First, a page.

These all with one mind were continually devoting themselves to prayer. - Acts 1:14
At the time Gage Park was annexed to Chicago in 1889, the town consisted of thirty wood-framed cottages with no paved streets. Once the electric trolley was extended to Gage Park in the early 1900s, the area experienced a building boom with increased industrial and residential development.
The area was comprised of mainly Bohemian and Polish residents, many who were faithful to the Roman Catholic Church. Decades later, Gage Park was influenced greatly by racial and civil unrest. It became the focal point for piloting open housing for African Americans and was the site of a march led by Dr. Martin Luther King, Jr. that was met with violent resistance.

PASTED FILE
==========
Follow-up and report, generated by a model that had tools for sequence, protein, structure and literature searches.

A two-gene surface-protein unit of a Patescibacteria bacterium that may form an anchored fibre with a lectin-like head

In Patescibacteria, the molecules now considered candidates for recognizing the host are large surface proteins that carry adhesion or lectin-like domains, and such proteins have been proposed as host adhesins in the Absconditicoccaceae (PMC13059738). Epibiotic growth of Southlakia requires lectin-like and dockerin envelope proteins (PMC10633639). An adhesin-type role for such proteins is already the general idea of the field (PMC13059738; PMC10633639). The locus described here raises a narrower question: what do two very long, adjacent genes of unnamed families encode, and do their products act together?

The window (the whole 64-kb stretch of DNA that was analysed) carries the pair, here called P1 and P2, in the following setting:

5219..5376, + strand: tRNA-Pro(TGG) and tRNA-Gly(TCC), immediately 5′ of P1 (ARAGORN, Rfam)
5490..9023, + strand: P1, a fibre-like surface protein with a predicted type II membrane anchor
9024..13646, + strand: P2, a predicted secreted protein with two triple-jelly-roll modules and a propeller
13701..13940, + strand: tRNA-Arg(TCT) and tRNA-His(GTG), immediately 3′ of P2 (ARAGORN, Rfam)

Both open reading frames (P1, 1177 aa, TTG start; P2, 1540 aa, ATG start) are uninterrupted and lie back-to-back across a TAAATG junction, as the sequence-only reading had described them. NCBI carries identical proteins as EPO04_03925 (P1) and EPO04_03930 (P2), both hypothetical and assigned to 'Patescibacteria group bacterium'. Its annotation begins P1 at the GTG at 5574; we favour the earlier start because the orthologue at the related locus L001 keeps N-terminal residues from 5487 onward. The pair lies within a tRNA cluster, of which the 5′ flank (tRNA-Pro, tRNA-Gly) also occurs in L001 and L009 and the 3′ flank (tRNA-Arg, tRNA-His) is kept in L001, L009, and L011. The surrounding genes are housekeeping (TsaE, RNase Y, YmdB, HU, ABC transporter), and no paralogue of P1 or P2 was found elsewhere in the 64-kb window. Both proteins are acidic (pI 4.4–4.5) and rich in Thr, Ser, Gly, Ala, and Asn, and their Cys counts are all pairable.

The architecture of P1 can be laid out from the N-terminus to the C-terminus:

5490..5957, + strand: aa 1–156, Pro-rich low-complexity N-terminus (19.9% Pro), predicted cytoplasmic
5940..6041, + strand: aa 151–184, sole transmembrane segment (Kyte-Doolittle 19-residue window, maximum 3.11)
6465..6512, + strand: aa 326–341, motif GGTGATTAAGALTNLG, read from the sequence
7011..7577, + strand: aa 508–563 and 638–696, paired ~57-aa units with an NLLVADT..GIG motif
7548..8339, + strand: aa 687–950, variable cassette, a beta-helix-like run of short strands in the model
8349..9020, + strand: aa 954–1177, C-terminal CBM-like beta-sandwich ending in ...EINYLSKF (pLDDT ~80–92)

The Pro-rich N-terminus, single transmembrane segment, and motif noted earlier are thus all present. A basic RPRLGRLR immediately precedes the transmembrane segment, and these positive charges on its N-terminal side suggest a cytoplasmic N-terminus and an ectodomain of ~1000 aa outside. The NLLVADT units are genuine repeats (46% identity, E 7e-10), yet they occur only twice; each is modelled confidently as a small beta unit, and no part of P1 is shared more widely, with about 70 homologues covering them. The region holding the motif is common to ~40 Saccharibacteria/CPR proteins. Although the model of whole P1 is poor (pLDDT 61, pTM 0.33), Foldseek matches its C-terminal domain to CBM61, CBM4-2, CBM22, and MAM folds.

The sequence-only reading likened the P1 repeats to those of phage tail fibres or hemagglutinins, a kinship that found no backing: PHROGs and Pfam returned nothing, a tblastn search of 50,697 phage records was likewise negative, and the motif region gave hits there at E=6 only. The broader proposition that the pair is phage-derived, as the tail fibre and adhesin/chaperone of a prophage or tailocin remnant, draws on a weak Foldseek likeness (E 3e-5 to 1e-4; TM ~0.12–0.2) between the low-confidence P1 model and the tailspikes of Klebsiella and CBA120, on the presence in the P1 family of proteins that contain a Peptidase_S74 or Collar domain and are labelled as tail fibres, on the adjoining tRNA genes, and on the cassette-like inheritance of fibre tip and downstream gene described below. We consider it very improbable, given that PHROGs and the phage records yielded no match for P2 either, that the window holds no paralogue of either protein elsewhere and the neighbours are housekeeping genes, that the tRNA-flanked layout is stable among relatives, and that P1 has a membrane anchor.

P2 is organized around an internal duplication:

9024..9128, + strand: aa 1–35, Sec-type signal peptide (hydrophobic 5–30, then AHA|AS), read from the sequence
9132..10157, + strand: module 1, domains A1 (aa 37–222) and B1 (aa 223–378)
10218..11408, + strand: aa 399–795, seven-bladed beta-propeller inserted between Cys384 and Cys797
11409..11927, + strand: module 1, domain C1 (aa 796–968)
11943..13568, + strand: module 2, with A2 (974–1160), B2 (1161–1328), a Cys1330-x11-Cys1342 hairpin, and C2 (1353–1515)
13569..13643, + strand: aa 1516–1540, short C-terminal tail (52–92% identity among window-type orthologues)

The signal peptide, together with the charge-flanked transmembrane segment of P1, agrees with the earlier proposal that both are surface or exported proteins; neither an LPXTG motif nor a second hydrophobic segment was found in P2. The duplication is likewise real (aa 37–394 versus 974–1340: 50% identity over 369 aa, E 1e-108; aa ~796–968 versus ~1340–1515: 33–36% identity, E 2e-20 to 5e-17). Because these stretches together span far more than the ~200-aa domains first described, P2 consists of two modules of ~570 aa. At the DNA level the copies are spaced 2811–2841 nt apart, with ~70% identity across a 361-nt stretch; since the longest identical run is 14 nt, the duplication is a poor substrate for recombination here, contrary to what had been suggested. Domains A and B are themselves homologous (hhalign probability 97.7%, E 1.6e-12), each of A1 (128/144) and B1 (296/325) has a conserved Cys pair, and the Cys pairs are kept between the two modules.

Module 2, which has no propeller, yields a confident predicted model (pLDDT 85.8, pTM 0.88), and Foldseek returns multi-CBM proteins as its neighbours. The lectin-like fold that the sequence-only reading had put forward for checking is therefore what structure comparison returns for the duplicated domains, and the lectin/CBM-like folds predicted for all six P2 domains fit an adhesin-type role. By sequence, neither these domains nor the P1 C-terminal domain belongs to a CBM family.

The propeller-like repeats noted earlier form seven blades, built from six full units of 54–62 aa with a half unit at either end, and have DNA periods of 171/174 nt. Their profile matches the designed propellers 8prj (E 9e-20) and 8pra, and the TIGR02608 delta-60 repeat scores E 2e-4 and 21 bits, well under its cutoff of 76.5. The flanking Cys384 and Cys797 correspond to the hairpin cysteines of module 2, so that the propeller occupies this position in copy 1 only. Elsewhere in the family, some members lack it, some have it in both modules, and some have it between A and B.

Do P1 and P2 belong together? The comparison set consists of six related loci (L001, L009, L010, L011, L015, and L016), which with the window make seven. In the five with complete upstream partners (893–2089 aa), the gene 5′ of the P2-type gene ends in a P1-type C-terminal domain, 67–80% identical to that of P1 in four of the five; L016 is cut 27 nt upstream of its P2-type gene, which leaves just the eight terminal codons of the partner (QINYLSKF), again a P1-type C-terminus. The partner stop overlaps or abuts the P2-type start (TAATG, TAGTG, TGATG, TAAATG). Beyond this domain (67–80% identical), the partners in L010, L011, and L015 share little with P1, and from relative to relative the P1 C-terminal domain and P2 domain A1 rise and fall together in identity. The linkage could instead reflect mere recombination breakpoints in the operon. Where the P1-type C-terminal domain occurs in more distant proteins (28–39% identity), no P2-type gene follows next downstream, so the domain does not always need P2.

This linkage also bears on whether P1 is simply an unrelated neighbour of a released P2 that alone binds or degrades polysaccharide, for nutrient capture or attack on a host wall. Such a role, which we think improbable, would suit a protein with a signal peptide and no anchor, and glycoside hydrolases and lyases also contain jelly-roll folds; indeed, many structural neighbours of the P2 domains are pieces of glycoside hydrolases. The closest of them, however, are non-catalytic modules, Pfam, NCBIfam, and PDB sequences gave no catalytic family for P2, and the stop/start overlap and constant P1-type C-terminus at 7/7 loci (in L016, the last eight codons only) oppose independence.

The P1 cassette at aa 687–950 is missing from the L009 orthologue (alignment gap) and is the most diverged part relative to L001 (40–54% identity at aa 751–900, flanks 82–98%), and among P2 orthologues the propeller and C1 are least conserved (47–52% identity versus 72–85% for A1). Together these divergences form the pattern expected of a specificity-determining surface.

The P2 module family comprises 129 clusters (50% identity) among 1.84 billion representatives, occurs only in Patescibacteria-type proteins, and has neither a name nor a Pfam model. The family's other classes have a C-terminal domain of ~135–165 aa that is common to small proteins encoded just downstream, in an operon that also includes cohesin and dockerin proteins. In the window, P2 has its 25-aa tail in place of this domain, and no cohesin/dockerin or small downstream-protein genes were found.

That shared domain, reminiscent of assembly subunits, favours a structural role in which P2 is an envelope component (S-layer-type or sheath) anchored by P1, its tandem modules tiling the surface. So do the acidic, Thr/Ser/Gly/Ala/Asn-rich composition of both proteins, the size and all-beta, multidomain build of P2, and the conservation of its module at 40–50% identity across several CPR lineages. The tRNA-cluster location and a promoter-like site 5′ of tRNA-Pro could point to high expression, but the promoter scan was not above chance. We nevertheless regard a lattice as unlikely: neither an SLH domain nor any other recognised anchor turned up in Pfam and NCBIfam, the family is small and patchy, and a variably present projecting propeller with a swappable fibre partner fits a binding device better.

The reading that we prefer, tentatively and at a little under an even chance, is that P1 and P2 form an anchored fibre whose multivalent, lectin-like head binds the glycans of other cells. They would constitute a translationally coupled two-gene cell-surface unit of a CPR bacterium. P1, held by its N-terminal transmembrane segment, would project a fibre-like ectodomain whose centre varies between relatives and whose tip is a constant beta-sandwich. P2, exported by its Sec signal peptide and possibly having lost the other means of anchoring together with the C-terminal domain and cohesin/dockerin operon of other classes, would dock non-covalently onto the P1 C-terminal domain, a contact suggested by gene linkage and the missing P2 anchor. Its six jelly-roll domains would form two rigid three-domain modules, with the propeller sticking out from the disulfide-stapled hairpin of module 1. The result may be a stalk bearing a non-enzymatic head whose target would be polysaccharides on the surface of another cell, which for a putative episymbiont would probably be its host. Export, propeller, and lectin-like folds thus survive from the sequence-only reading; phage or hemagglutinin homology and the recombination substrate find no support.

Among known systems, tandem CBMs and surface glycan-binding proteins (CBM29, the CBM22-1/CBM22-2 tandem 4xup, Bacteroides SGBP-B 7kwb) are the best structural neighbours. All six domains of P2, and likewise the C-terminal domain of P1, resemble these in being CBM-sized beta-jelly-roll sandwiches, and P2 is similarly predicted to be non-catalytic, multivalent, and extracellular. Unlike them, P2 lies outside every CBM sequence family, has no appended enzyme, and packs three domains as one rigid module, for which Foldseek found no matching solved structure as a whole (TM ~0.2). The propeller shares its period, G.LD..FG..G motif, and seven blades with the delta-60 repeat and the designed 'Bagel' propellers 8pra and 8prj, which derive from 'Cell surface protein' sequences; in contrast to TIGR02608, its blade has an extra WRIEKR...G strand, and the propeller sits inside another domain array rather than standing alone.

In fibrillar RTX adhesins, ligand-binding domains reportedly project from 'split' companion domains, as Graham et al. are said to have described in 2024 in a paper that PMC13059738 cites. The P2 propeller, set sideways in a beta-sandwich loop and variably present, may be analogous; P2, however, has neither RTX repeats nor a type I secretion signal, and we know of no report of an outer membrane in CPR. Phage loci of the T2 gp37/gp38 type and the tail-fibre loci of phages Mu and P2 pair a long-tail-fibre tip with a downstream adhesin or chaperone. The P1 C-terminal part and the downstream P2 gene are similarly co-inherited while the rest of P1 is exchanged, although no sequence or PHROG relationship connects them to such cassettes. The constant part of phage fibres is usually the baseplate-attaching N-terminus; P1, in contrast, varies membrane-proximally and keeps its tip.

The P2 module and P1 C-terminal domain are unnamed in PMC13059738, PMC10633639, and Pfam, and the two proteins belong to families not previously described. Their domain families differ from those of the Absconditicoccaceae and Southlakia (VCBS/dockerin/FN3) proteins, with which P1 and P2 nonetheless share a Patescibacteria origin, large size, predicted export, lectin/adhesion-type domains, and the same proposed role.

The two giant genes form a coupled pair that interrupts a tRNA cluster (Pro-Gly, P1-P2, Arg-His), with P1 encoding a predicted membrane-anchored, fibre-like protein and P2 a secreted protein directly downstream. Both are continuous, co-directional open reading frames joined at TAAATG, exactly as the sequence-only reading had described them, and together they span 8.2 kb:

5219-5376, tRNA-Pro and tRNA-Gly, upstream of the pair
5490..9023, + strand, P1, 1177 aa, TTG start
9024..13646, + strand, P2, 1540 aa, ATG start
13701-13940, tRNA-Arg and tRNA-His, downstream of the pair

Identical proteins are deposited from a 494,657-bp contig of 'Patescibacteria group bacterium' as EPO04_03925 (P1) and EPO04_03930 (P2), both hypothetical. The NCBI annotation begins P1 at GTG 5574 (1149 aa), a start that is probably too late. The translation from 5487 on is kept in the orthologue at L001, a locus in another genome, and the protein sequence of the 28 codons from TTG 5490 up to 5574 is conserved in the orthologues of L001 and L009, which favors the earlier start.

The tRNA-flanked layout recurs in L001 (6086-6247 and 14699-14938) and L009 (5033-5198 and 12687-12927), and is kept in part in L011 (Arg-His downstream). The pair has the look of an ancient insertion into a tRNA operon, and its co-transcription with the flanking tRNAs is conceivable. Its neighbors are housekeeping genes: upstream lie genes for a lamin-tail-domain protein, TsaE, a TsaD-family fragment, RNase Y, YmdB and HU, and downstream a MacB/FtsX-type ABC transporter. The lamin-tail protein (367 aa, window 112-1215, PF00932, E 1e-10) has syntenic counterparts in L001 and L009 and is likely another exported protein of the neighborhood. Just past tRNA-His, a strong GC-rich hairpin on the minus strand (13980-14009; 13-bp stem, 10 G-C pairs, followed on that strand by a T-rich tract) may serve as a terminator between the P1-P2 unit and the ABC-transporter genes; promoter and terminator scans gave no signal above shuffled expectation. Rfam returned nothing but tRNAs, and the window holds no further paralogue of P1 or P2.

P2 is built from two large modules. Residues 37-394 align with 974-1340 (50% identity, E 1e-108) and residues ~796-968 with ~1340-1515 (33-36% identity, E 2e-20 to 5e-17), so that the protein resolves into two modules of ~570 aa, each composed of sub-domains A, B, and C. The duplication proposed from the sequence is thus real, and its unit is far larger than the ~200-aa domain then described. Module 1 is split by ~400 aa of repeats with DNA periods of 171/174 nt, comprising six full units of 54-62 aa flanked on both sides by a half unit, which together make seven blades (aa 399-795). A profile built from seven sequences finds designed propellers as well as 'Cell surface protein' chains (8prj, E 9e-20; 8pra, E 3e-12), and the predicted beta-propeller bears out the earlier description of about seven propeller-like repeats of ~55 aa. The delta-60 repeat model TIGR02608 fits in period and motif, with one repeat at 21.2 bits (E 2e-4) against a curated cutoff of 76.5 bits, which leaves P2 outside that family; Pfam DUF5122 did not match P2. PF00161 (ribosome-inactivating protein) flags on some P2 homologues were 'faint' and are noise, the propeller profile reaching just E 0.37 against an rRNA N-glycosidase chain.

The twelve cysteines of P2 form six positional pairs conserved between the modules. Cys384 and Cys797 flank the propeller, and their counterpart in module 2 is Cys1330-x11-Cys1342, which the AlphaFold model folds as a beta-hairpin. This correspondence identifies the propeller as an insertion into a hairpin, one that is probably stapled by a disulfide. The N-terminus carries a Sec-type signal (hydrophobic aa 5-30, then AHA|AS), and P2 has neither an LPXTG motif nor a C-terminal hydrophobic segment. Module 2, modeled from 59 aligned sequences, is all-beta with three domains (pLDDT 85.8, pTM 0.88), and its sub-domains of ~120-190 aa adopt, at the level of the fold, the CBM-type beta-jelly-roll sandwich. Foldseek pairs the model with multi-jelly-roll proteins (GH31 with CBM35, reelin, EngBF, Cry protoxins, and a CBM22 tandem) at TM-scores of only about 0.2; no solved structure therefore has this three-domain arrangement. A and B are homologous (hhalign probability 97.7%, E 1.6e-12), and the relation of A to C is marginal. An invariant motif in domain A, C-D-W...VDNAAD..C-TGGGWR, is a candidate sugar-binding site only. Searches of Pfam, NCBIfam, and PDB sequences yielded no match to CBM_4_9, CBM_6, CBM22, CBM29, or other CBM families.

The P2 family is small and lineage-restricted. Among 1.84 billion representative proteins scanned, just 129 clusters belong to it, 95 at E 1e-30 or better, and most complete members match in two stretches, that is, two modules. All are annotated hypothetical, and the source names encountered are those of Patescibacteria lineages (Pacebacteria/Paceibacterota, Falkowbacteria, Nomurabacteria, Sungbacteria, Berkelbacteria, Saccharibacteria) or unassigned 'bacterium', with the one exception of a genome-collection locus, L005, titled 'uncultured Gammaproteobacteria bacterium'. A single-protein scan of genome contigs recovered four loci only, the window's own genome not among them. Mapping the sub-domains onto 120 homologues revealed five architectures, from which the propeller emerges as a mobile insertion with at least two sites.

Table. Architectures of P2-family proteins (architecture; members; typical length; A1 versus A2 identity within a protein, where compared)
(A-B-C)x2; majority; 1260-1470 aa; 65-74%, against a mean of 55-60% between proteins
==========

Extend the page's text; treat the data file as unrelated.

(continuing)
In the 1970s and 1980s several neighborhood organizations formed in order to neutralize and ease racial tension. As a result to these efforts Gage Park was a racially diverse community while maintaining an established middle-class. More recently, the Latino population has rapidly increased, and is now the dominant ethnic group.
information courtesy of Moody Publishers
"Chicago Neighborhood Prayer Guide" by Dr. John Fuder with Elizabeth Koenig
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